BACP-accredited service YiS Young People’s Mental Health is celebrating four decades of helping young people.
The organisation – known to most people simply as YiS – first launched in 1981 as part of Milton Keynes Council’s youth and community service and initially provided counselling alongside a full range of advice and information services.
On becoming a charity in its own right in 2007, YiS focussed its work entirely on counselling for young people aged between 11 and 21 who live, work or study within the Milton Keynes unitary authority area.
The service now offers up to eight sessions of therapy, in a choice of community venues, using a ‘6+2’ model and with flexibility to respond to additional clinical need as required which has been important in recent months as the complexity of referrals has increased.
In 2020, YiS received 436 referrals to the counselling service and delivered more than 2,000 sessions.
On completing counselling, 95% of young people reported that the service had helped them and 99% said they’d recommend YiS to a friend.
Complex therapeutic need
CEO Gareth Eglinton-Pacitti said: “In the early days of the service it was common that counsellors would be working with young people coping with issues such as exam stress or difficult family relationships.
“We’re now increasingly working with young people with trauma and longer term and more complex therapeutic need.
“During the pandemic we had contact with young people who weren’t sure about starting therapy straight away, but who needed guidance and support, so as part of a project funded by Thames Valley Police we are piloting a coaching service offering light-touch, skills-based personalised support that enables young people to develop tools and techniques to navigate challenges that they are facing.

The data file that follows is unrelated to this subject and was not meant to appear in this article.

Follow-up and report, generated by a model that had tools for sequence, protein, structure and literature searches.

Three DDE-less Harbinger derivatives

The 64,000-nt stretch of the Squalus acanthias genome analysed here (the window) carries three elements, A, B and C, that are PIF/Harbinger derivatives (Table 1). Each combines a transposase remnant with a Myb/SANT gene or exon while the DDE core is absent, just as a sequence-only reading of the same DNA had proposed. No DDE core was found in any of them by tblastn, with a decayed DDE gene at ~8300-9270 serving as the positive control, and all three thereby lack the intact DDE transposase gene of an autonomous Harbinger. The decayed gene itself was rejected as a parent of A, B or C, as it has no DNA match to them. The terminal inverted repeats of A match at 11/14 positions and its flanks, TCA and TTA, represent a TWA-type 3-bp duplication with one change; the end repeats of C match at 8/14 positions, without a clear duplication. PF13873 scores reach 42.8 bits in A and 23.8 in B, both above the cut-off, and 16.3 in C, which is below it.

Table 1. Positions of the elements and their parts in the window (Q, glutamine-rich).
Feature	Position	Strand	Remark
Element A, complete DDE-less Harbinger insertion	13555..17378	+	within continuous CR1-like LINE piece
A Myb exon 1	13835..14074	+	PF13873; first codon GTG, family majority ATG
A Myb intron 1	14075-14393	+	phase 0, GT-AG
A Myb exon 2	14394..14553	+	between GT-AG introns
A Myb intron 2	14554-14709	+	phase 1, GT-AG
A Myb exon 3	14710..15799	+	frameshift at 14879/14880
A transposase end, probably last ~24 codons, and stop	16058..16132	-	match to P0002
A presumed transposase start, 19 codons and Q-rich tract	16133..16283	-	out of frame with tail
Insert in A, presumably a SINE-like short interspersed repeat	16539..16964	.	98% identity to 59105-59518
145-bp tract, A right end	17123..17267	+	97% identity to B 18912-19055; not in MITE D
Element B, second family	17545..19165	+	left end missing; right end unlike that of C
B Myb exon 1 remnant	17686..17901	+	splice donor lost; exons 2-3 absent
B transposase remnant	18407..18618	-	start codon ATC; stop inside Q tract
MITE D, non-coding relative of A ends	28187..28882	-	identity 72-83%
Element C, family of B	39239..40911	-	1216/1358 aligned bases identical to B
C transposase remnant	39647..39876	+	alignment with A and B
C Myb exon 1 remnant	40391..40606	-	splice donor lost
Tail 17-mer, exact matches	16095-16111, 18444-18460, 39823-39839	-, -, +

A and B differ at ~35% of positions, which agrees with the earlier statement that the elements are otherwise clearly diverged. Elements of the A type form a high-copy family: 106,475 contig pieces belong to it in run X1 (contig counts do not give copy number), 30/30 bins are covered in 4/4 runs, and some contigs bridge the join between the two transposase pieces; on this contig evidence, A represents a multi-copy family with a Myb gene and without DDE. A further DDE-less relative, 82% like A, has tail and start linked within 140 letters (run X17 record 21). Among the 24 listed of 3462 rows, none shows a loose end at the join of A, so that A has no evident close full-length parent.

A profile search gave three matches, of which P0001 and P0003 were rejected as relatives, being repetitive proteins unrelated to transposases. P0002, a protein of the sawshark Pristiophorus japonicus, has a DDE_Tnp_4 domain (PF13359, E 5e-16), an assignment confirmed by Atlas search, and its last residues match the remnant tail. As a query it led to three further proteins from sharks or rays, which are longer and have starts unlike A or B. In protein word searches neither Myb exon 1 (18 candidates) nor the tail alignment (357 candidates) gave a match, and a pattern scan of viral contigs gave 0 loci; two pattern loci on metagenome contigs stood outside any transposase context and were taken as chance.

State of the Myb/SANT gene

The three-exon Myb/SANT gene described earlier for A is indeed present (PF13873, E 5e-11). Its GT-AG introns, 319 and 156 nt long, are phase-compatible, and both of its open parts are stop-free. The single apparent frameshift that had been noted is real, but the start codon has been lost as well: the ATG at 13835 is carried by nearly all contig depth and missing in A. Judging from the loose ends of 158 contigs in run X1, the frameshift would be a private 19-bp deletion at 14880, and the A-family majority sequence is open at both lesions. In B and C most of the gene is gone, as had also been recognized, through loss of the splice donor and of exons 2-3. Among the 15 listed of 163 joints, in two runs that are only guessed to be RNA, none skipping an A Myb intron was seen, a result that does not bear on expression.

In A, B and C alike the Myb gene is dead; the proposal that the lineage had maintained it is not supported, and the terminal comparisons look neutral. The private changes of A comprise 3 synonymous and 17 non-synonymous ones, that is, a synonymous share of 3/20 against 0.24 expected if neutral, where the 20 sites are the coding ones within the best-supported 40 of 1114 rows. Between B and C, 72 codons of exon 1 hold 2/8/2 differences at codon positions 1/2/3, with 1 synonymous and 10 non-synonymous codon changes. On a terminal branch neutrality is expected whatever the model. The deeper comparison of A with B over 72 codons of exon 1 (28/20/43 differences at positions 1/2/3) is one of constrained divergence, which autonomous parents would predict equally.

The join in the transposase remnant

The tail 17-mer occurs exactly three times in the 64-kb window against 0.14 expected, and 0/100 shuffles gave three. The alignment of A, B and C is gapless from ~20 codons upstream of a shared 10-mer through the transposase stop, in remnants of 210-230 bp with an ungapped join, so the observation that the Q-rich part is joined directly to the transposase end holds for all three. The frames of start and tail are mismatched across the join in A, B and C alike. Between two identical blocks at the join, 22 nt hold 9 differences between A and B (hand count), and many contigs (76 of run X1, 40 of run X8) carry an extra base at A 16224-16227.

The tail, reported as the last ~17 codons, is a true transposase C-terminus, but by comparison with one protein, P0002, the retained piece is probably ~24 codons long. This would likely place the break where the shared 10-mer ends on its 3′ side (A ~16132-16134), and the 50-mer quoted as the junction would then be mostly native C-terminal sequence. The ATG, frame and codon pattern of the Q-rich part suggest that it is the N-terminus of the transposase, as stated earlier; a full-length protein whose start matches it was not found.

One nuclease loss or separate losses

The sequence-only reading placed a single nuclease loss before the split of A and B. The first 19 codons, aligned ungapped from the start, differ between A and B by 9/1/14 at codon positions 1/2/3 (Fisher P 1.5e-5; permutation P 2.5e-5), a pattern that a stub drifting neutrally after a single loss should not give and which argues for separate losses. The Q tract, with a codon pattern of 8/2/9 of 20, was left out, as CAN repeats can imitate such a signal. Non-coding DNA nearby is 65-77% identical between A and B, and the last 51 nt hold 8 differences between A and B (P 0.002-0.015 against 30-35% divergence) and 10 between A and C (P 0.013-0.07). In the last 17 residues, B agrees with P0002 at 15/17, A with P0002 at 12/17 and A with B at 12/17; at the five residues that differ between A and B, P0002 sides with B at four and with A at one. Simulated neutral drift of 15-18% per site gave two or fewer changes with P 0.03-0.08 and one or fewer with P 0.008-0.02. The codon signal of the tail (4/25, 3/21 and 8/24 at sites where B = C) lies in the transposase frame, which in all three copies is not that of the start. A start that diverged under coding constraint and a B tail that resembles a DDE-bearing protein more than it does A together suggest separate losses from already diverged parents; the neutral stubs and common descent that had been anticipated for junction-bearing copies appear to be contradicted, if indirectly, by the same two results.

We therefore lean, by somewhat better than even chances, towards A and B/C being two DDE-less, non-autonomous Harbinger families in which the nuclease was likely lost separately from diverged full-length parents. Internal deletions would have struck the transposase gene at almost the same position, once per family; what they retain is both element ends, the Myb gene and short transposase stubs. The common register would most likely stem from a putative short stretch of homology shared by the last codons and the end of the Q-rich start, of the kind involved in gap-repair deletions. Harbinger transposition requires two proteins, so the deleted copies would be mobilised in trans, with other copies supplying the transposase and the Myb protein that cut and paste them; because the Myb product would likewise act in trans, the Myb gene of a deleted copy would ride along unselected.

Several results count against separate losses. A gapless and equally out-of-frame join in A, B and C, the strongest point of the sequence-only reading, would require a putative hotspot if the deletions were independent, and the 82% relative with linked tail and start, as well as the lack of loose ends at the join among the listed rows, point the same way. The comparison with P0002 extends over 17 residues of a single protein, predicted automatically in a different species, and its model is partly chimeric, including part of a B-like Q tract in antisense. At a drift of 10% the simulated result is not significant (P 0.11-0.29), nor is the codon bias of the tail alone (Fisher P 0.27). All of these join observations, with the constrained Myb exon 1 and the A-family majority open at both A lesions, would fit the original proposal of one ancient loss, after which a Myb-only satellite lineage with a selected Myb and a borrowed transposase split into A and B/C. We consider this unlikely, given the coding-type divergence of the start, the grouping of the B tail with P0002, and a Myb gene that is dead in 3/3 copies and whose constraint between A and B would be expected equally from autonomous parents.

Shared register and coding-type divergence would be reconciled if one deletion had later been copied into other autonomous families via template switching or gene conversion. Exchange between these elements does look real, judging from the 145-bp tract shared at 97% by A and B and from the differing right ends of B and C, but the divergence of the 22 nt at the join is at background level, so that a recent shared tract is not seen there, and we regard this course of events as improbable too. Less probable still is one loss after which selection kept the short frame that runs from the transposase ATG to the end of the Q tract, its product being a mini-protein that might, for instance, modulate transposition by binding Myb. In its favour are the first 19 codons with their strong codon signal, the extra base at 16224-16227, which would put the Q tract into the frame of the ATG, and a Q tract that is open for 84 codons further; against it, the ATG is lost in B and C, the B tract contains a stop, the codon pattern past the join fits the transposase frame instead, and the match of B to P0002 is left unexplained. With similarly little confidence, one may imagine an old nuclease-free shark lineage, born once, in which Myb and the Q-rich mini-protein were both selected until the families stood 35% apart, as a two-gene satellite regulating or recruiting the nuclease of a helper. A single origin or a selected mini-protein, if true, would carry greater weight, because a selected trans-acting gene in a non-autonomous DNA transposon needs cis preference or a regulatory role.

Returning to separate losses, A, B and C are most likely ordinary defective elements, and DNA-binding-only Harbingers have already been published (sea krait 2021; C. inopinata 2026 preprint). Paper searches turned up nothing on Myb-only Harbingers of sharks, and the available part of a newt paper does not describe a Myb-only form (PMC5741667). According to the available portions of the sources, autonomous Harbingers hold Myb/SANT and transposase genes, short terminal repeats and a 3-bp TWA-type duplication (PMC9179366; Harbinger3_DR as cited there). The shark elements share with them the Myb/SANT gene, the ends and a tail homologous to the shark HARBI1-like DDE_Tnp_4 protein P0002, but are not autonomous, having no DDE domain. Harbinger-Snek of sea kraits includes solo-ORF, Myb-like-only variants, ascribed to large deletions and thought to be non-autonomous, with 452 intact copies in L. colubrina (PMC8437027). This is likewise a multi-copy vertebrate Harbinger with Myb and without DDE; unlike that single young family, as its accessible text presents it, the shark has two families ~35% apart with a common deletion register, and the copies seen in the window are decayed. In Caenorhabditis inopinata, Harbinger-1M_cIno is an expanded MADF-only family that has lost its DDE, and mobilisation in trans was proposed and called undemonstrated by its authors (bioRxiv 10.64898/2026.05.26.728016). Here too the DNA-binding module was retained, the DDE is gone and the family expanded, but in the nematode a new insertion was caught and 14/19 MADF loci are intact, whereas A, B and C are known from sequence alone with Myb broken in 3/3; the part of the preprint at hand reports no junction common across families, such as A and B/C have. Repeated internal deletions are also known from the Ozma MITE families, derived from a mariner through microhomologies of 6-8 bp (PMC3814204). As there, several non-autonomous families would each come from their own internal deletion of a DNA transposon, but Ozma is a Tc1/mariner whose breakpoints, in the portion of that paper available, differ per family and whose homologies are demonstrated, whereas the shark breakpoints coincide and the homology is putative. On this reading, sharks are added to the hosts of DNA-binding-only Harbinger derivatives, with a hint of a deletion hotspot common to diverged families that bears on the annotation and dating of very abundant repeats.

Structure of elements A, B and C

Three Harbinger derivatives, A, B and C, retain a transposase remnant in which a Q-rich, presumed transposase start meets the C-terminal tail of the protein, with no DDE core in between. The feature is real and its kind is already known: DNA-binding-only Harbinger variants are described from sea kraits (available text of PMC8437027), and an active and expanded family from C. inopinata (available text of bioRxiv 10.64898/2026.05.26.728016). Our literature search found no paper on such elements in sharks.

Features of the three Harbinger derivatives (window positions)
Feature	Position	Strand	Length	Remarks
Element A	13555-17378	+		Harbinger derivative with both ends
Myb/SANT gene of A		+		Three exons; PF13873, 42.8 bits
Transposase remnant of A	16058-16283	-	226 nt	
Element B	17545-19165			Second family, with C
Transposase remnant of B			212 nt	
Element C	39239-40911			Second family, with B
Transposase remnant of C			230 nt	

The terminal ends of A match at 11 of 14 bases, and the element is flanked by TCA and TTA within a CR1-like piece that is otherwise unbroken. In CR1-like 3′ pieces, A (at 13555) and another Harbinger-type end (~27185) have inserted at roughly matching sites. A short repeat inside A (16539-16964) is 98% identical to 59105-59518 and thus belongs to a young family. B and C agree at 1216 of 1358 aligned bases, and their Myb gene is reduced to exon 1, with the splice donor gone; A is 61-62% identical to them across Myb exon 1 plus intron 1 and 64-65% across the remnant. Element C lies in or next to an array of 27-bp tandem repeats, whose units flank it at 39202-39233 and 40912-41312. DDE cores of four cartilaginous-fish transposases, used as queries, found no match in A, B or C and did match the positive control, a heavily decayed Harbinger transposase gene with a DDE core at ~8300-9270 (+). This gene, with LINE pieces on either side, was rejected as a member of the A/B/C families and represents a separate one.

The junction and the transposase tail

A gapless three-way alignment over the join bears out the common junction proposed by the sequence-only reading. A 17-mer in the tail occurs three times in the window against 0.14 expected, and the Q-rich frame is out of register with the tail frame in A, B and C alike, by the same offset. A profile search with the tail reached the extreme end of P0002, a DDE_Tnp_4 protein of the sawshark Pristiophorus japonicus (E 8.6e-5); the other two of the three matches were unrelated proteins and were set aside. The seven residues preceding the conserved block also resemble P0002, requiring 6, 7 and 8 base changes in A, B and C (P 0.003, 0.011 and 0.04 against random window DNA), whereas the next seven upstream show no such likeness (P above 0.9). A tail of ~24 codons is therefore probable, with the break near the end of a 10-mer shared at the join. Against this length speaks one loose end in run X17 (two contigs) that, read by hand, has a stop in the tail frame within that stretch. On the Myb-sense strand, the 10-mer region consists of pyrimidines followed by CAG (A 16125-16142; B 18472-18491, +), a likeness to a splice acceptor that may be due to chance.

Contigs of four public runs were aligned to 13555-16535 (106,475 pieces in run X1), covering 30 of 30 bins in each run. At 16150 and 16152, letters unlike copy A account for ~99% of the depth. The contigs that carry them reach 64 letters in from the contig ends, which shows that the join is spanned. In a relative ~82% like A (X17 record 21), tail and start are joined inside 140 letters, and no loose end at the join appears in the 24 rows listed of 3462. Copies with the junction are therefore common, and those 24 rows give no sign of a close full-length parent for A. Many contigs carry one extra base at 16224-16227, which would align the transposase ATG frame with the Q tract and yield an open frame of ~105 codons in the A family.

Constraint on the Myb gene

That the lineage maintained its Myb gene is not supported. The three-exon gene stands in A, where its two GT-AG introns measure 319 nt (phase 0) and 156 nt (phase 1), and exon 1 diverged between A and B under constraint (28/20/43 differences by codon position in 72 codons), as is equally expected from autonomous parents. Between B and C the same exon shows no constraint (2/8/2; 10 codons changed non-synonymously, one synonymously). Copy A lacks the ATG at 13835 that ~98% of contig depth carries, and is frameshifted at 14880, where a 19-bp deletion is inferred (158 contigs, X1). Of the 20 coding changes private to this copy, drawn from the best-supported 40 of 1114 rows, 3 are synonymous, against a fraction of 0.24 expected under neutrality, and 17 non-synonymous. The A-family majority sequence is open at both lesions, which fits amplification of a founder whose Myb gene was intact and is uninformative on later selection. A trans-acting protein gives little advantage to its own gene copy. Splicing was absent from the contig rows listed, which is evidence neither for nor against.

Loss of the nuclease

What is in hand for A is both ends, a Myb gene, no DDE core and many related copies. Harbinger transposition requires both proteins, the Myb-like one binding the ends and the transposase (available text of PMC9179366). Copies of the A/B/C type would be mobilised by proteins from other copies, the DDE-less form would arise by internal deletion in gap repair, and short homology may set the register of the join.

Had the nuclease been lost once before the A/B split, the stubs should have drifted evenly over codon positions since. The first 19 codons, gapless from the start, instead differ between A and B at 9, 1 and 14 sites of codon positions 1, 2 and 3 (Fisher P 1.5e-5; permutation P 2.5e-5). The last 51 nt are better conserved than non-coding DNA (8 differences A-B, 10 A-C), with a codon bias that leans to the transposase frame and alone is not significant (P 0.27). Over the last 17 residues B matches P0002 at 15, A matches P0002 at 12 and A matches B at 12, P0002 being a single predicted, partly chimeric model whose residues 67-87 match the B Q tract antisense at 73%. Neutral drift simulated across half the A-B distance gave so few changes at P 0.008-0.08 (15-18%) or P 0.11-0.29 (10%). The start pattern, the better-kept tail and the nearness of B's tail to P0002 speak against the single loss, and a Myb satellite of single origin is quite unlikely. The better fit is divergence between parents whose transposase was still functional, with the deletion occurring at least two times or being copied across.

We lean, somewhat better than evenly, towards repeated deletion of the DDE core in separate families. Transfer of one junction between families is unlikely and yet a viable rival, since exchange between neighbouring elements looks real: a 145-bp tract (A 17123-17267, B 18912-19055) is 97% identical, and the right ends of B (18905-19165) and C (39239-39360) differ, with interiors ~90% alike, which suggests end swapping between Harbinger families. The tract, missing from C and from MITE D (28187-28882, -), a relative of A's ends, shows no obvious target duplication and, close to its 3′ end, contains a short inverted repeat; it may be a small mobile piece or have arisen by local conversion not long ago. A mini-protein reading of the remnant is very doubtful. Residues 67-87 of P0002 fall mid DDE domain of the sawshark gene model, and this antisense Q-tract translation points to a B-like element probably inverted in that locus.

“As a service we are keen to ensure that we work with young people in ways that they find acceptable and that offers choice”.
Over time it became apparent that an additional focus was needed to help meet the wider range and complexity of needs of the young people coming to the service, requires an additional focus.
This has resulted in recent introduction of a coaching service and a new education and outreach team, delivering groups and workshops that includes signposting and referral to more specialised support.
Reflecting on the different experience of young people in 2021 compared to when the service first opened its doors 40 years ago, Gareth added: “It’s a lot more acceptable for young people to talk about mental health in 2021 and the pandemic has brought into even sharper focus the importance of mental health. In my experience, young people now have a much more nuanced and in-depth understanding and awareness of mental wellbeing and have greater levels of compassion than ever before.”
Survey young people
As a service that puts young people’s experience at the centre of its work, YiS has undertaken projects to canvass and survey young people.
Pandemic experiences have been captured and shared with other services and YIS has been commissioned to run a youth participation feedback survey, capturing the experiences of young people who have completed therapy with CAMHS.
For Counselling Manager and Clinical Lead Jenny Harknett, being a BACP accredited service is important to YiS, its counsellors, clients, and funders. “It’s important to us that we are part of the professional body and that our service demonstrates that we work to the highest standards. We also value the support and resources that our available such as the Ethics Hub.
“At the beginning of the pandemic, we had the technical capacity to offer telephone and online therapy sessions, and having access to the joint training provided by BACP and the Open University provided vital training to allow us to make the transition after only closing the service for one week.”
Looking ahead, YiS is keen to continue to develop counselling support and to respond to the message from young people during the pandemic that there is need for a ‘safe space’.
YiS is working in partnership with other organisations to develop youth support hubs as part of the community that offer the right support and environments for young people to emotionally grow and thrive.
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BACP accreditation demonstrates that a service provider offers an accountable, ethical, professional and responsive service to clients, staff, volunteers and stakeholders.